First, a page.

“I’ve raced everything – PC, GTLM, GTD and Prototype, and won in all those levels except GTLM. So that’s a box I wouldn’t mind ticking in the future,” Cameron relayed Saturday to NBC Sports.
“It’s special to have an overall championship. And it’s neat to have one with DPs… a lot of people have made a big impact on this program.
“For Eric and I, for me anyway, this is the first time I’ve done a program 2 years running, with no changes. So we can build on the relationships, and the co-driver partnership, and push each other on driver changes. The first year was helping Eric understand the downforce cars. But he’s done such a great job. He was fantastic in the rain last year here. And Simon and I have driven together a couple times now. He brings such a good attitude and he’s such a rocketship. I wanted him part of this program this year, so I was happy to bring him on board.”
Cameron and Curran won twice this year – back-to-back at Canadian Tire Motorsport Park and Road America – and Cameron noted the pair’s run to the title by three points over teammates Joao Barbosa and Christian Fittipaldi owed more to execution and strategy than outright pace. Eight finishes of fourth or better in 10 starts, including seven podiums, were enough to do the trick.
“The P2s haven’t put the races together; our wins were almost given to us,” Cameron admitted. “I think the better teams have had DPs. The future is now and it’s a cool feeling to have the last DP championship as we look forward to the future.”
For Curran, the title was about delivering for Whelen, who has been an ardent supporter of sports car racing for more than a decade.
“Thinking back to years past, driving for Sonny Whelen where we were a few years ago to now winning a championship. It’s been unbelievable,” Curran said. “Working with Dane Cameron is so top notch. It was down to the wire today… as we entered one point ahead. We brought in our buddy Simon Pagenaud to help driving. It felt really good though, this is our time, this is our day. For Sonny Whelen and Whelen Engineering… this such a good deal for him.”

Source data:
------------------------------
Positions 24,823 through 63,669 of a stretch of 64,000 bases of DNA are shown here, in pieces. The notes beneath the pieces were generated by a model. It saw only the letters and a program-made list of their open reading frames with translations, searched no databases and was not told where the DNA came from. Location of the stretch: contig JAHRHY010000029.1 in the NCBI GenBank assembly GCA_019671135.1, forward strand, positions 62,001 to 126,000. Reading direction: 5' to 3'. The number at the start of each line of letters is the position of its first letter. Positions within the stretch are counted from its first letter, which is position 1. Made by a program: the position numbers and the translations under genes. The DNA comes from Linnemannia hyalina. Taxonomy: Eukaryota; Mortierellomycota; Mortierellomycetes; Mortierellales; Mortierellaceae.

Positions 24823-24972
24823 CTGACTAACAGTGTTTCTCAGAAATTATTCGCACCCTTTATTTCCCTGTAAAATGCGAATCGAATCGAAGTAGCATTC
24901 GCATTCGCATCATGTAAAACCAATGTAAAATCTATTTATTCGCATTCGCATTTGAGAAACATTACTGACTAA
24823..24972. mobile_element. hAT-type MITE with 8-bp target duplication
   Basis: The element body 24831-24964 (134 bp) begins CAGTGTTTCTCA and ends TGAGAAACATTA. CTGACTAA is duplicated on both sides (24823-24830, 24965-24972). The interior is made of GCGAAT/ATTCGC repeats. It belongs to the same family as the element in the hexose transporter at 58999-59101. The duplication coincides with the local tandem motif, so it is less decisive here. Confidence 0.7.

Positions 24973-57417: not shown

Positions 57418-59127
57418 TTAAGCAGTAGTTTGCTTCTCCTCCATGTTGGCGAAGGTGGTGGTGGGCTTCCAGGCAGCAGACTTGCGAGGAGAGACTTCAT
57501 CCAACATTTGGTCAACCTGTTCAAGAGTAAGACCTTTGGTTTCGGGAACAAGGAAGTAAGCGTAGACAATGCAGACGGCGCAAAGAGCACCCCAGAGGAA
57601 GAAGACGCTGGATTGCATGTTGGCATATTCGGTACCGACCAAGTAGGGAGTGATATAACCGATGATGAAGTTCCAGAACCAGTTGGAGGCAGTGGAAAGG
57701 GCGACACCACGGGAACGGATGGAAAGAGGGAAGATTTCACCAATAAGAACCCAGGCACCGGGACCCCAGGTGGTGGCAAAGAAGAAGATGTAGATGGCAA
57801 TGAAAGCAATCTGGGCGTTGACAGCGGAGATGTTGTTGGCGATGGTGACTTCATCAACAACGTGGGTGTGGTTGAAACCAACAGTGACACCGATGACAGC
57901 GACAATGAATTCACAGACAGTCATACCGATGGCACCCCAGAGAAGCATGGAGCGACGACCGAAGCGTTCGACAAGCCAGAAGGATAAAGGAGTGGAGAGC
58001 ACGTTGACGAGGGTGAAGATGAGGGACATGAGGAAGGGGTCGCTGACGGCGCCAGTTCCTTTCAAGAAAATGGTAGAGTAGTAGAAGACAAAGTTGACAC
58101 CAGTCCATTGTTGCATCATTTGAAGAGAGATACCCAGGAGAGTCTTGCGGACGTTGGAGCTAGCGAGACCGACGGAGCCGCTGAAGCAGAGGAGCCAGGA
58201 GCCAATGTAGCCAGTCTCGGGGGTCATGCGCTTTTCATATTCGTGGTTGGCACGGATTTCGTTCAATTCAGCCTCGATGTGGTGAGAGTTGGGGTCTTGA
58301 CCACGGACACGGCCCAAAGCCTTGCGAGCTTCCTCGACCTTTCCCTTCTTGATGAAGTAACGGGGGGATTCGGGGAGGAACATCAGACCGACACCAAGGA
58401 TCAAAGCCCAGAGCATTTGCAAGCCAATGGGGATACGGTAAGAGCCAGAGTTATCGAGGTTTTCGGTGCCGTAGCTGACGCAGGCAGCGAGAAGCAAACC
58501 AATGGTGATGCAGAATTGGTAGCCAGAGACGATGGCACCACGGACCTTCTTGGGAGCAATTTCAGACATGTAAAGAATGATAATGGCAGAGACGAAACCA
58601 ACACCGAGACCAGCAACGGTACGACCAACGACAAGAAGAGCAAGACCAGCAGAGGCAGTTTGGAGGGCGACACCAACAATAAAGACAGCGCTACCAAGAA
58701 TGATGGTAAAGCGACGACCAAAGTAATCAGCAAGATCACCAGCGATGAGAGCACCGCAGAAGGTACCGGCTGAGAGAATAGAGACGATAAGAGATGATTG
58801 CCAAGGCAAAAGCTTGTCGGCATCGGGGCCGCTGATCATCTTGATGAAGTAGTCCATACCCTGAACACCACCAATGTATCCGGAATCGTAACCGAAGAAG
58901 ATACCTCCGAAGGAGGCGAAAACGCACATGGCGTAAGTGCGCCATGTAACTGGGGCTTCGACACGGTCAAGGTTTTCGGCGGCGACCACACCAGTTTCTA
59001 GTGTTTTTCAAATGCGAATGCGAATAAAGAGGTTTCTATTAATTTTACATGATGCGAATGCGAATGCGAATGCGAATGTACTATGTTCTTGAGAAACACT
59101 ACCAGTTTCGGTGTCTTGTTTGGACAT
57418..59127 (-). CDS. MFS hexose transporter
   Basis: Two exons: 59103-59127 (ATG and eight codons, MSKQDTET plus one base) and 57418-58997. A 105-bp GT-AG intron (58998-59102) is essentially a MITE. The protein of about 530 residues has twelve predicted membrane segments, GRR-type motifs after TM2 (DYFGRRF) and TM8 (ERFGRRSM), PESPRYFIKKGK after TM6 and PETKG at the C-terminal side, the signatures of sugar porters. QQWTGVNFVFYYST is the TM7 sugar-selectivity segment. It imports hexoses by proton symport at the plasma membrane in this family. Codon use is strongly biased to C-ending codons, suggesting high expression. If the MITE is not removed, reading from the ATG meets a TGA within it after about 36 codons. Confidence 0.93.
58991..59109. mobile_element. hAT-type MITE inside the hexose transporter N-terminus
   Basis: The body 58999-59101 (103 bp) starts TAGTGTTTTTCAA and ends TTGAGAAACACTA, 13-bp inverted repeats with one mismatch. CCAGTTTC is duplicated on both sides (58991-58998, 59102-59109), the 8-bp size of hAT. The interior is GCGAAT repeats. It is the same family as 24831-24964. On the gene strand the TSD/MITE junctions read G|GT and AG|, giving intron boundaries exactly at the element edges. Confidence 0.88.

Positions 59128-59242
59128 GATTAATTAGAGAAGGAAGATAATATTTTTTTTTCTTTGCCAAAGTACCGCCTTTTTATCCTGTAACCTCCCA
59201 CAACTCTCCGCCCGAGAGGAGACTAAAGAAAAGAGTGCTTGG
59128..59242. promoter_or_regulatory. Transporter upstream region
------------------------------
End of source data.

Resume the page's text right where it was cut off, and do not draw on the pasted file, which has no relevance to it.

Pagenaud, the third member of the trio who raced at Daytona and Petit Le Mans, praised Cameron’s ability level.
“I’ve always loved worked with Dane. My first drive in Daytona was with him. He’s a tremendous driver,” Pagenaud said. “I’ve told so many people how good he is. Some day I could see him in an LMP1 car at Le Mans… he deserves it.”
And it’s with that tie-in we go back to Cameron, noting how like Pagenaud, he had to win earlier in his career to even have this opportunity on Saturday.
“Star Mazda was so, so important. My career hung in the balance. If I didn’t win that championship, I had no money to go anywhere else,” Cameron reflected. “I wasn’t going to move to Formula Atlantics – I couldn’t afford it! So that was the most personal pressure on me… I had to win to keep the dream of being a professional race car driver alive.
“The GTD title was a bit of a surprise after a topsy turvy year. But that cemented myself a bit more in sports cars. It was the first one I could get. I wedged my feet in pretty good.
“This completes the set nicely. After my ‘rookie year’ with Sahlen DP in GRAND-AM, we were just coming on song at the end of year. We had poles, we led laps, but wins slipped through our fingers.
“So coming back to Prototype, I had to finish what I thought was unfinished business.”